Development of Non-Platinum Catalysts for Intermediate Temperature Water Electrolysis

Aleksey Valerievich Nikiforov, Irina Michailovna Petrushina, Niels J. Bjerrum

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Water electrolysis is recognized as an efficient energy storage (in the form of hydrogen) supplement in renewable energy production. However, industrial alkaline water electrolyzers are rather ineffective and space requiring for a commercial use in connection with energy storage. The most effective modern water electrolyzers are based on polymeric proton-conducting membrane electrolytes (PEM), e.g. Nafion®, a perfluorocarbon-sulfonic acid polymer. These electrolyzers work at temperatures up to around 80 °C, and, in extreme cases, up to 130-140 °C. The most developed PEM electrolyzers are at the stage of commercial development. However, there is a great challenge for their widespread commercialization: high cost and low abundance of the electrocatalytic materials (Pt, IrO2) and use of Ti or other expensive construction materials. On the cathode side, the most active catalyst is Pt exhibiting the best compromise in metal-hydrogen bond strength1,2. Due to economic reasons there is a huge interest in replacing Pt by cheaper alternatives and much effort have been made in finding novel catalysts for Hydrogen Evolution Reaction (HER)3,4. Many anhydrous proton conductors have been investigated as electrolytes for the intermediate temperature applications, such as CsHSO4, KHSO45. The most successful systems have been developed with CsH2PO4 (solid acid fuel cells (SAFCs) and Sn0.9In0.1P2O7 electrolytes6,7. While developing materials for the promising medium temperature electrolysis systems it is important to simulate conditions of those presented in the assembled operational electrolyzer. In this work a molten KH2PO4 will be used as an electrolyte while screening performance of various transition metals and their carbides at higher temperature (Figure 1). In this work will be shown that coatings of transition metal carbides not only improve the stability of pure metals but also enhance electrocatalytic efficiency of materials towards HER and Oxygen Evolution Reaction (OER) at intermediate temperatures (Figure 2). The increase of the electrocatalytic activity of tungsten carbide in the electrochemical hydrogen reduction between 120 and 150 °C was recently demonstrated to be several times more intensive than for platinum8. Tests were performed at 260 °C to confirm the reported tendency. As was foreseen, at 260 °C in molten KH2PO4WC demonstrated better performance than Pt as an electrocatalyst for hydrogen evolution reaction (HER) (Figure 3). 1 J.K.. Nørskov et al. J. Electrochem. Soc., 252:J23, 2005. 2 J. Greeley, T.F. Jaramillo, J. Bonde, I. Chorkendorff, J.K. Norskov, Nat. Mater., 5:909-913, 2006. 3 N. Armaroli, V. Balzani ChemSusChem, 4:21-36, 2011. 4 I.E.L. Stephens, I Chorkendorff, Angew. Chem. Int. Ed. 50: 1476-1477, 2011 5 T. Norby, Nature, 410:877-878, 2001. 6 H. Muroyama, K. Katsukawa, T. Matsui, K. Eguchi, J Electrochem Soc, 158(9): B1072-B1075, 2011 7 P. Heo, T. Y. Kim, J. Ha, K. H. Choi, H. Chang, S. Kang, Journal of Power Sources, 198:117–121, 2012. 7 P. Heo, T. Y. Kim, J. Ha, K. H. Choi, H. Chang, S. Kang, Journal of Power Sources, 198:117–121, 2012. 8 A.V. Nikiforov et al. Int. J. Hydrogen Energy 37:18591–18597, 2012. [Formula]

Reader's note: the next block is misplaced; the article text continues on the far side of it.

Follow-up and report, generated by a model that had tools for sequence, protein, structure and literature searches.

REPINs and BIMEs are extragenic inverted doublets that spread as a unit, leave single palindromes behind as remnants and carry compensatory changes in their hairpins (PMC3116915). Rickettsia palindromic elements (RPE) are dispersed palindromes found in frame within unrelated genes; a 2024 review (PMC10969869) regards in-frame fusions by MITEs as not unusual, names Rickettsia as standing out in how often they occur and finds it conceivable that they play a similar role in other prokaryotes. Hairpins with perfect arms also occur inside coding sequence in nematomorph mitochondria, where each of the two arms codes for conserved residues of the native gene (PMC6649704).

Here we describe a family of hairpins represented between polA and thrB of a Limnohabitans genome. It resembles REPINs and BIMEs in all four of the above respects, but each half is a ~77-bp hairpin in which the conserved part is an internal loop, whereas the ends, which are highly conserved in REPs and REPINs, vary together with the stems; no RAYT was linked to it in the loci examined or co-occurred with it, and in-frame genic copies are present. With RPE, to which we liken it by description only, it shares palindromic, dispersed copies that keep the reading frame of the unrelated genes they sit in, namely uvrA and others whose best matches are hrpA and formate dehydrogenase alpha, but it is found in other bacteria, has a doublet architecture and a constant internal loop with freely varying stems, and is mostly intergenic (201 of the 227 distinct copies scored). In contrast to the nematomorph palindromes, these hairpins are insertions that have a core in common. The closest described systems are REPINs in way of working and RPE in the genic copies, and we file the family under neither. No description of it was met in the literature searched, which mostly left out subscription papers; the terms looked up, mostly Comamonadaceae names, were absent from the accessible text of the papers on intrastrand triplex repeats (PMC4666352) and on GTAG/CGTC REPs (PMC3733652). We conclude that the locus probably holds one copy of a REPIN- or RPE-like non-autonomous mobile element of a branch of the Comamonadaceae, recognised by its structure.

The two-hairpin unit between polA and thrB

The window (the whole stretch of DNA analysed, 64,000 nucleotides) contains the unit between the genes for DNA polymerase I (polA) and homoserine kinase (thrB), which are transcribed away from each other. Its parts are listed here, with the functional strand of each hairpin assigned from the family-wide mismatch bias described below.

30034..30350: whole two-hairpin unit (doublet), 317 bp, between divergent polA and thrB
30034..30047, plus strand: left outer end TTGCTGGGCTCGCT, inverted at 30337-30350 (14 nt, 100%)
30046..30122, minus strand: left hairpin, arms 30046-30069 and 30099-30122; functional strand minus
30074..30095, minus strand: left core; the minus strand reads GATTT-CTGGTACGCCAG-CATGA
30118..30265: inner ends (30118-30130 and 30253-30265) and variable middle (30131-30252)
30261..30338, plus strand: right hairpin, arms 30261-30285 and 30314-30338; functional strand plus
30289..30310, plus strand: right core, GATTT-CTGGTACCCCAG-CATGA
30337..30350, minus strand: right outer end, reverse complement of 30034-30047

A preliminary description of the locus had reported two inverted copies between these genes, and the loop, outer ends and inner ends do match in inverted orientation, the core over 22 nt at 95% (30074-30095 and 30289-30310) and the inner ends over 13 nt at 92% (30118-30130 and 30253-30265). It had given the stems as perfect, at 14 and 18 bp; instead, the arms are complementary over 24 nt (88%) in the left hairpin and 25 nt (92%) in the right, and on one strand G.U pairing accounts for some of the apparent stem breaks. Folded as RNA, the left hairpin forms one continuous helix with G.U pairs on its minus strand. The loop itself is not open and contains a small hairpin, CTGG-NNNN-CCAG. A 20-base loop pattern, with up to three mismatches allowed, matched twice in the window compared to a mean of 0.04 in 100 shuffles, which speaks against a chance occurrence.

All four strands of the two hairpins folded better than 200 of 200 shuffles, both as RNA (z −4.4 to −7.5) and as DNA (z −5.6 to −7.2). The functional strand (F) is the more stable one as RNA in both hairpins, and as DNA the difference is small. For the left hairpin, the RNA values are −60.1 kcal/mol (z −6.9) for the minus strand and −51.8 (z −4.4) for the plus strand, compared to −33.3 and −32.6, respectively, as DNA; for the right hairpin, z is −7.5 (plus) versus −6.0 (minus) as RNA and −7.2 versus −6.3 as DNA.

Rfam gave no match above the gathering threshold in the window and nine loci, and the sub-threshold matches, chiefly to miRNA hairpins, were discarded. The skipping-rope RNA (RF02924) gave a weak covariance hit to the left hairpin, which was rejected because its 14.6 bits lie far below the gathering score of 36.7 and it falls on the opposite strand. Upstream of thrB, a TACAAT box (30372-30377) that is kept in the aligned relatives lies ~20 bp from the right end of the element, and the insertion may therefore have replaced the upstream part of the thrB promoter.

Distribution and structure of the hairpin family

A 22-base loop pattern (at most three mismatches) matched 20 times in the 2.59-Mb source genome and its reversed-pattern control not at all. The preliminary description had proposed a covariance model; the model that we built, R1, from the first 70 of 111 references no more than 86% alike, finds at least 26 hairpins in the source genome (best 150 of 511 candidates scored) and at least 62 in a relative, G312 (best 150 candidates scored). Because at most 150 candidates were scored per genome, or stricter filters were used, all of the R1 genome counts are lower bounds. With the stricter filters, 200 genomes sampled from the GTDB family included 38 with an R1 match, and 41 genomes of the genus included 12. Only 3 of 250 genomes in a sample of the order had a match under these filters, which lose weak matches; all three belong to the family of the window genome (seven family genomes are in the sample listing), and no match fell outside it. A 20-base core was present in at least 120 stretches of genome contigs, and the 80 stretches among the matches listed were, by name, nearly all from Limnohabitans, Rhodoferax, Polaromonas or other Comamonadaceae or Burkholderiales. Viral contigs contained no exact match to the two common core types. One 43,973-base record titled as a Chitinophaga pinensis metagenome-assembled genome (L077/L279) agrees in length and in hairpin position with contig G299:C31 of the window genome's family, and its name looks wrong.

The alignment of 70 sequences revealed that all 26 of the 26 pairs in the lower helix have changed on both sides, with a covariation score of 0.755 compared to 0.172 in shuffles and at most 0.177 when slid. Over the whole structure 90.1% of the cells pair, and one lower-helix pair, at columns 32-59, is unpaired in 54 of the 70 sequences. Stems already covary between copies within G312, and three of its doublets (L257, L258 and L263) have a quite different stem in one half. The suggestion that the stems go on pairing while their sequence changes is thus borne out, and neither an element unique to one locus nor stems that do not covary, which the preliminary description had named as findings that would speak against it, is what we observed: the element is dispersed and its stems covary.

Original languageEnglish
JournalElectrochemical Society. Meeting Abstracts (Online)
Issue number12
Pages (from-to)577
Number of pages1
Publication statusPublished - 2014


  • Electrolysis and Electrochemical Processes - May 14 2014 8:00AM


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